Overcoming the Generation Gap
Posted for the Post-Crescent
There is now an age gap of nearly 50 years between the oldest and youngest members in today’s workforce; as a result, several generations needing to work with individuals they may not understand or see eye to eye with. Conflicting ideas, stereotypes, and exposure to substantially different life circumstances have contributed to intergenerational conflict, which is often a major area of stress for businesses and families today.
Veterans (born before 1946), Baby Boomers (1946-1964), Generation X (1965-1979), and Generation Y (1980-2000) comprise the generations represented in the present workforce. Each of these groups view work, family, and life in general very differently. Each have different motivators, values, and goals. As a result, managing a highly functioning work environment in which members from various generations coexist can be incredibly complex.
Knowledge and recognition of generational differences has greatly helped me in my work and interactions with individuals from other generations. Being conscious of a particular generation’s preferred style of communication for example (such as email, text message, phone call, or face-to-face interaction), can make a world of difference in how effective the communication is and how the message is interpreted.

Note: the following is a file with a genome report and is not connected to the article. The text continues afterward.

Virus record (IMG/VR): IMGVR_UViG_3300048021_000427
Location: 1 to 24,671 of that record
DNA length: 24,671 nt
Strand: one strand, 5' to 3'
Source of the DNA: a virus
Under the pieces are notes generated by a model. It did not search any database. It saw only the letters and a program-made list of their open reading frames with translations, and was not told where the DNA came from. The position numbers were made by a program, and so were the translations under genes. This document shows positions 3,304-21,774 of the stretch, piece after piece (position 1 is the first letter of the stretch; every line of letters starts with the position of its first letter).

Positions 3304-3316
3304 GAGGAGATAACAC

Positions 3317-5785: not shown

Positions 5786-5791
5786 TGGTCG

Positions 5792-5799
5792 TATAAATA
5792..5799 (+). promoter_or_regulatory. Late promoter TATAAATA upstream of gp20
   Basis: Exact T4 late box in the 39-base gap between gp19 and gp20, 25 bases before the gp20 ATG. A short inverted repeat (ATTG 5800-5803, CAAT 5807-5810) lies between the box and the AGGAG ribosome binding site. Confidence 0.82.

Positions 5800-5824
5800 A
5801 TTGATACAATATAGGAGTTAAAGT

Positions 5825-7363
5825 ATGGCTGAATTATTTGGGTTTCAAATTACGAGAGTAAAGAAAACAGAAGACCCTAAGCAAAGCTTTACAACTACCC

Veterans and Baby Boomers prefer and value a more personal form of interaction, such as face-to-face or telephone communication. They did not grow up with the technology that Gen X and Gen Y use with ease, often while juggling other tasks simultaneously. I couldn’t imagine having grown up completely without computers, cell phones, or the internet, and having to learn how to use these devices as a fully grown adult. While there is something to be said about the impersonal nature of a text message or email (not to mention the fact that things such as sarcasm may be difficult to detect), these forms of communication can be responded to quickly and easily. The schedule of the other individual is not a factor since the other party can respond at his/her convenience, and time isn’t wasted on things such as phone tag.
In working with my mother (a Boomer) as part of an intergenerational team, we often deal with conflict between generations in the workplace. One of the issues we frequently encounter in family businesses is the presence of varying degrees of openness to change. In family business transitions, we often see the older generation being very resistant to change, while the next generation is extremely open to change. This frequently leads to conflict around important business decisions, especially in growing companies. Change is often essential for survival, but it must be controlled change.
Coming into privately held companies or family businesses as an intergenerational team and family business ourselves, my mom and I are able to approach many issues from unique angles. We model healthy conflict for our clients, help facilitate difficult discussions, determine effective decision making processes, and improve communication skills throughout all levels of the organization.
Strategic Solutions Consulting